At least that's the way it read over the weekend in the Arizona Daily Star and Tucson Citizen. The Explorer (formerly the Northwest Explorer) and the Tucson Weekly hadn't yet hit the streets as this is written, but I'd almost bet that the pattern will hold. Given the number of awards, we can understand some reluctance to give others their due. But failing to name the "best in show" winners--the Virg Hill Arizona Journalist of the Year, Arizona Photographer of the Year, Arizona Community Journalist of the Year and Arizona Designer of the Year--is a pathetic bit of jingoism.
KEEPING THE PRIZE ALIVEAt the risk of sounding alarmist, it's worth noting that the Pulitzer Prizes, endowed by newspaper patriarch Joseph Pulitzer for excellence in journalism and the arts, will survive Lee Enterprises' expected takeover of Pulitzer Inc. later this year.
According to the preliminary proxy statement, Lee has agreed to maintain funding for the awards through 2009. Dan Hayes, Lee's director of communications, said the company will continue to finance the awards after 2009, and is looking forward to accepting that responsibility.
It's part of a charity commitment that requires Lee to commit one-quarter of one percent of the revenues from operations at the St. Louis Post-Dispatch to charities in Missouri and Illinois through September 2009, after paying out at least $60,000 to sustain the Pulitzers. The contributions are to be made either in the name of Pulitzer Inc., or PD LLC--the limited liability corporation that "owns" the Post-Dispatch.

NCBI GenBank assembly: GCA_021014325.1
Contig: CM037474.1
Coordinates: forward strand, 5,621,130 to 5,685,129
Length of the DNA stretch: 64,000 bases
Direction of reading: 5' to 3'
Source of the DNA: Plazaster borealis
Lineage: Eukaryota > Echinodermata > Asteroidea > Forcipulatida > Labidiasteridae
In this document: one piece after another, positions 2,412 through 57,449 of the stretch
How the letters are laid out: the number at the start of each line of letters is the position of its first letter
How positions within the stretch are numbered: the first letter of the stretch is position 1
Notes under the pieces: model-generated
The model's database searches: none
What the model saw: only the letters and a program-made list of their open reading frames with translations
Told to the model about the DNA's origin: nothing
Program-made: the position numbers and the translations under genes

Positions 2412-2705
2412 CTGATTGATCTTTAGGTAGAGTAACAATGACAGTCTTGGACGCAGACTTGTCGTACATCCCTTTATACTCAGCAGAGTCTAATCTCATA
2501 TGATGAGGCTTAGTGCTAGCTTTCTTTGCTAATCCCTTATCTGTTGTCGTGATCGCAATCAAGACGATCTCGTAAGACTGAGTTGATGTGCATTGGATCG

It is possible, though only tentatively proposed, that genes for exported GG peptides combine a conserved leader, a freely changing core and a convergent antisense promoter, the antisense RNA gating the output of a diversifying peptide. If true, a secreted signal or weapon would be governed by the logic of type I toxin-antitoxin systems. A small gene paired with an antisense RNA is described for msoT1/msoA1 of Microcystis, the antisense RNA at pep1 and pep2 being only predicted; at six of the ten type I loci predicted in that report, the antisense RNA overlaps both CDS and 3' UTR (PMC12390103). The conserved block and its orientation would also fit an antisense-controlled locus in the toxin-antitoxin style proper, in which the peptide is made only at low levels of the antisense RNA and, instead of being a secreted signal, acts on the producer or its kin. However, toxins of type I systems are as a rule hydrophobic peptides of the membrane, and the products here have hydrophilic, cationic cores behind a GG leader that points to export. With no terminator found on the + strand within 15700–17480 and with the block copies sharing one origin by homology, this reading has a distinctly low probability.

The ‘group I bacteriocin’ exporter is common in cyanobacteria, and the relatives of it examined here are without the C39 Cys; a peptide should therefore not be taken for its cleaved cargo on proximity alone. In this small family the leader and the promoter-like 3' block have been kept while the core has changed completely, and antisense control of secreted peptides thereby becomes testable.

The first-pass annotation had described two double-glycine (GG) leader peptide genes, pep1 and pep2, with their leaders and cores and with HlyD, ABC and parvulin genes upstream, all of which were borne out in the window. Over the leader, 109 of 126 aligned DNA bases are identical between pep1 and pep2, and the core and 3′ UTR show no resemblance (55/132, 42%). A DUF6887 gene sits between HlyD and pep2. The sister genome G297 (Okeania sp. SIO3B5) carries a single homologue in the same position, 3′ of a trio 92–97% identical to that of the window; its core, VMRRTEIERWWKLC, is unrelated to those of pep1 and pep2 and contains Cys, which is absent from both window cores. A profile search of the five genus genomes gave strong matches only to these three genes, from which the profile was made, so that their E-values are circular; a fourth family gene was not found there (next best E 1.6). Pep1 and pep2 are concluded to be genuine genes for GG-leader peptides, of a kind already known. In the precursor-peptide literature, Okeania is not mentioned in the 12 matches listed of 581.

It's unclear how much money that entails, because Pulitzer's SEC filings don't separate the Post-Dispatch's revenues from the company's other St. Louis operations.
There's no similar requirement for charitable-commitment maintenance at any other outpost in the Pulitzer archipelago.
The merger agreement also states that if the Post-Dispatch's current editor, Ellen Soeteber, resigns or is replaced within five years of the merger, Lee must discuss the replacement with a designee selected by Pulitzer's current board. A Pulitzer-picked "designation committee" will be responsible for ensuring that Lee protects the commercial goodwill value of the Pulitzer name.
SHOOTING IN TOMBSTONEA crew from PBS' History Detectives visited Tombstone last weekend, on the trail of the OK Corral shootout legend--sort of.
They're trying to determine the authenticity of a pocket watch that turned up in a Tulsa, Okla., pawn shop. The watch, presented by a man who said he's a descendant of Wyatt Earp's sidekick, dentist-gambler-gunslinger John Henry "Doc" Holladay, bears an inscription suggesting it was Earp's gift to Holliday for services rendered at the shootout.
Holladay killed brothers Frank and Tom McLaury and shot Billy Clanton, whose fatal wound came from one of Wyatt Earp's bullets.
The show is slated to air sometime this summer.